She hoped to give her daughter the wedding of her dreams, but could she pull it off?
“Candles and crystal and white tablecloths!” my daughter, Kate, said when I called to ask what kind of wedding she was hoping for. “You know, the perfect wedding!” I only wished my husband and I could give our daughter such a day to remember.
Unfortunately, Kate and her fiancé had picked a date just shortly after their college graduation, and our budget was limited. Luckily we were able to use the church hall for the reception. But perfect seemed like a long shot.
Her dad and I went into high gear. “I’ll print the invitations,” I said. Mike lined up the music. The perfect wedding was made up of a hundred parts that fit together smoothly like an elegant machine. If one thing went wrong it all fell apart.
“Now I know why they invented wedding planners,” I told my friend Sue at church one Sunday. Weeks had gone by and my to-do list got longer with each passing day. “Mike and I are overwhelmed,” I admitted.
“I can help!” Sue said. And with that, she took charge of the kitchen arrangements. “I know just who to ask to serve at the reception,” she said. On top of that, she recruited our friend Amy to bake the wedding cake.
“Not a problem!” Amy insisted. “It’s for Kate!” W ord got around that there was still lots to do. My friend Ellen came up with the idea that the reception be in the style of an elegant English tea. “We’ll cater it ourselves with homemade sandwiches and scones!”
Kate’s grandmothers got to work on lovely white tablecloths with napkins to match. Everybody who could lent teapots, cups and saucers when they heard about our “theme.”
The day before the wedding, a crowd of family and friends met me at the church hall to decorate. Kate’s friend Derek sat patiently assembling loose flowers into bouquets. My best friend Becky cheerfully spread the tablecloths while I arranged place settings.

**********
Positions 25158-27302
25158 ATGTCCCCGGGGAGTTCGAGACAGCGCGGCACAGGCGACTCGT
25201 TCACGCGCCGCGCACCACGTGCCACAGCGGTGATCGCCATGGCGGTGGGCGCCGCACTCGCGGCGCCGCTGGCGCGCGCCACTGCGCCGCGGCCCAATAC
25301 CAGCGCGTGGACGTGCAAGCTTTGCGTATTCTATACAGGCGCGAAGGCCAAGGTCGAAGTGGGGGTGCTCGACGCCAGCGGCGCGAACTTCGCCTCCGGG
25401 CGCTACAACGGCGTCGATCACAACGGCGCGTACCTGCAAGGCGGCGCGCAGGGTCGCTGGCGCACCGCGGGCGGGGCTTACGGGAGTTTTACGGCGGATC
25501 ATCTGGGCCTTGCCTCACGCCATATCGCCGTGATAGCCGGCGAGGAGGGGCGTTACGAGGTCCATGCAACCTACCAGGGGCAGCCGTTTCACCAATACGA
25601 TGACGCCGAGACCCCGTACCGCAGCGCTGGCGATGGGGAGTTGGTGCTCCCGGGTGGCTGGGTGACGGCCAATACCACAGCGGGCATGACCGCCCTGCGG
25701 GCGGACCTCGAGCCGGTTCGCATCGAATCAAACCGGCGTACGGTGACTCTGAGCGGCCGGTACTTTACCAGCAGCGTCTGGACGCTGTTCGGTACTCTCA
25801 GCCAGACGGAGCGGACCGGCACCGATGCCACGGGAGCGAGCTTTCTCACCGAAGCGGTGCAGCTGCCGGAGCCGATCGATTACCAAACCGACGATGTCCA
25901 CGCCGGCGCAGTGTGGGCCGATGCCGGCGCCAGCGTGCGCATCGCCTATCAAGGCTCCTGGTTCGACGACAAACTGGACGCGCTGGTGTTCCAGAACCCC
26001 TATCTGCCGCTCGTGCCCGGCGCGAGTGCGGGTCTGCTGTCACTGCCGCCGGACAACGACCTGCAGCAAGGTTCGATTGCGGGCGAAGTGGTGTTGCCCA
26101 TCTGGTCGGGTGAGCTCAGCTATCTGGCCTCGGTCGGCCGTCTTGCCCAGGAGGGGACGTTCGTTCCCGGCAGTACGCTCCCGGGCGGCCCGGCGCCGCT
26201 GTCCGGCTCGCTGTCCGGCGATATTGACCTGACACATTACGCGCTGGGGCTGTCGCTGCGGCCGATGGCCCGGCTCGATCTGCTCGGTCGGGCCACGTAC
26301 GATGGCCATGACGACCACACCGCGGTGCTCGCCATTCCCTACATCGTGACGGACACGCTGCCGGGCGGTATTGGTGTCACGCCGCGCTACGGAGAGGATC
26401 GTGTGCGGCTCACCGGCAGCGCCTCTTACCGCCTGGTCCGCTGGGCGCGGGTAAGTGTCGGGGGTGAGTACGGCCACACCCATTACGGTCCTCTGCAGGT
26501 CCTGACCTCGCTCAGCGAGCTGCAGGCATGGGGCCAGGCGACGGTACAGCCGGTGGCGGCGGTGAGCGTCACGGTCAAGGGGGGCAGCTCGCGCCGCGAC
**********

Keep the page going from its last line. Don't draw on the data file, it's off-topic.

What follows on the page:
Kate’s brother hung tiny string lights for ambiance. We worked late into the night. “Time for the mother-of-the-bride to get her beauty rest,” Mike said on the way home. When my head hit the pillow I could only pray that angels would step in where our planning had gone astray.
In church the next day, Kate seemed to float down the aisle on her father’s arm. She looked radiant, and I watched her hang on the minister’s every word during the ceremony. After the vows and first kiss, the newlyweds took their place at the head table, in front of a pair of mismatched cups and saucers.
Kate barely seemed aware of the food, the music, the lighting, the flowers. She only had eyes for her new husband. I squeezed Mike’s hand. Just maybe we’d pulled off something almost perfect.
The room went black. A gasp went up. Thunder crashed outside. “Power failure,” came a voice from the darkness. I waited tensely for the generators to kick in. But as soon as the lights flickered back on, I heard the sound of sirens. So much for almost perfect! I thought.
A dozen firemen in full gear burst into the hall. “I’m sorry, but we’ll have to do a safety check,” the chief said. “Lightning struck the building.”
In an instant the reception was overrun with firemen inspecting every inch of the church hall, while we went on with the cutting of the cake. This was nowhere near perfect.
“All clear,” the fire chief said. Someone handed him a piece of cake. Luckily, there was plenty to go around. The firemen all wanted a taste. Meanwhile, the wedding party wandered outside to pose for photos in front of the fire truck.
I sank into a chair beside Mike. “I hope Kate isn’t too disappointed.”
I felt a gentle tap on my shoulder. It was Kate. “Thank you so much for everything!” she said, throwing her arms around us. “It was perfect.”